UPDATE: The date of this event has changed from May 28th to June 18th.
Bio: Stephanie Santana is a textile artist, fine art printmaker, illustrator and designer based in Brooklyn, NY. Through the use of archival family photographs and documents, her work explores themes of interiority, identity and cultural preservation, traversing the space between memory and the physical evidence of Black life.
Santana's work has exhibited nationally and is currently held in both private and public collections, including Getty Research Institute and Smith College Museum of Art. Additionally, her work has been featured in publications such as Pressing Matters, Printmaking Today (Journal of the Royal Society of Painter-Printmakers) and SPOOK Magazine. Her illustrations are featured in the film An Oversimplification of Her Beauty (The Criterion Collection, Official Selection of the 2012 Sundance Film Festival), and have been commissioned by clients such as Apple and Nike. She currently serves as Communications Director for Black Women of Print, a homeplace for Black women printmakers.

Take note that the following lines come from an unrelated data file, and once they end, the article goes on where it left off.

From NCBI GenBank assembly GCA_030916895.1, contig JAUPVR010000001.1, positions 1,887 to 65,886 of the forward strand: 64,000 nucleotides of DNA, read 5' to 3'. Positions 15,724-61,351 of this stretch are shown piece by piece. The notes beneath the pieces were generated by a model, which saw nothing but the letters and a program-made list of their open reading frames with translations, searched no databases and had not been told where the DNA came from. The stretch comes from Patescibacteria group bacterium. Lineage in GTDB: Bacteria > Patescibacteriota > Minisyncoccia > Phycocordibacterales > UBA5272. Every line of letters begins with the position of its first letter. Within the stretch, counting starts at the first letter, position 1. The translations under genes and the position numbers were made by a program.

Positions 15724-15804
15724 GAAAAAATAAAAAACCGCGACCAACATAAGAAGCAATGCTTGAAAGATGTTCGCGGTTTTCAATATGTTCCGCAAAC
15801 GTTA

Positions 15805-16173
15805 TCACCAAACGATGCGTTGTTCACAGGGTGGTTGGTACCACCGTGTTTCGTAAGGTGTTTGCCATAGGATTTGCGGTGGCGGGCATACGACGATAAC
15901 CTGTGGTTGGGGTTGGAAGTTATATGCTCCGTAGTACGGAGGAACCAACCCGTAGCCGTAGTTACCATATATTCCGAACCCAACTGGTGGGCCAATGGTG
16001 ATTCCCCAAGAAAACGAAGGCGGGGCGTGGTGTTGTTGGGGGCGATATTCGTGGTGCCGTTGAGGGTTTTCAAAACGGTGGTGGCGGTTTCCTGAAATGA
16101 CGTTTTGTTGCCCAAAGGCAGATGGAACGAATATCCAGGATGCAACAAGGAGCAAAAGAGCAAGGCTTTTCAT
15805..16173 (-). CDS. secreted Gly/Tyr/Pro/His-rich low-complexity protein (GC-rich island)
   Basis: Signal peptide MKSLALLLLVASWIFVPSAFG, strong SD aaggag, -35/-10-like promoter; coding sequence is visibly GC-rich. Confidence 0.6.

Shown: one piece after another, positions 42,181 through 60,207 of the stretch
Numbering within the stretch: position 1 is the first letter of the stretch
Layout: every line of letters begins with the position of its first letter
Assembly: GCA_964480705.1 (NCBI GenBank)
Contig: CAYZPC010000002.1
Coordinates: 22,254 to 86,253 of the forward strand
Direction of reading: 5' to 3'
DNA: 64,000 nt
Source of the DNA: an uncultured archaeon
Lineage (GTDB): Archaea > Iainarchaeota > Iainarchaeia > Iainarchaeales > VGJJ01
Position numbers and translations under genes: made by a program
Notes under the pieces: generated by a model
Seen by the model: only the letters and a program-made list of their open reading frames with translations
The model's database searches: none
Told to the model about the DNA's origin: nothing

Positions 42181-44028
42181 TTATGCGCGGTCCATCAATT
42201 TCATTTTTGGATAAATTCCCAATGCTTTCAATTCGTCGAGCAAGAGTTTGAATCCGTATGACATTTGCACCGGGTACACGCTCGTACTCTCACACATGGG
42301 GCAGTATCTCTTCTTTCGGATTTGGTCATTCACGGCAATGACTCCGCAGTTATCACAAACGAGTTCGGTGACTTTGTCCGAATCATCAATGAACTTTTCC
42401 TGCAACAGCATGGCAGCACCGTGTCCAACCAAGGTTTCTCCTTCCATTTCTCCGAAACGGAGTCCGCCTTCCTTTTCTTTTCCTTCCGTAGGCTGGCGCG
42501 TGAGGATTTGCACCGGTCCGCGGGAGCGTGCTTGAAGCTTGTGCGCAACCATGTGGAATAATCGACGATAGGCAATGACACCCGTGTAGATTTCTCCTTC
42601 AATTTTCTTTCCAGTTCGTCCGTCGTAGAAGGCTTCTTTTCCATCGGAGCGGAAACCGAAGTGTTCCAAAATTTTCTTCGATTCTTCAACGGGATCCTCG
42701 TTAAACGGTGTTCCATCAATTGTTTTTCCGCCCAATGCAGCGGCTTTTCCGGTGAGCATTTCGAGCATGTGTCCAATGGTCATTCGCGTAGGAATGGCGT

In this talk: Drawing upon the Akan philosophy of Sankofa, which translates to "it is not taboo to fetch what is at risk of being left behind," we will consider the archive as a dynamic tool for preservation and self-determination. Textile artist and printmaker Stephanie Santana will share an overview of her current practice using archival family photographs, as well as a survey of public resources and archivists working with both traditional and alternative methods. We'll end the discussion with tips for maintaining your own archive and a Q+A session.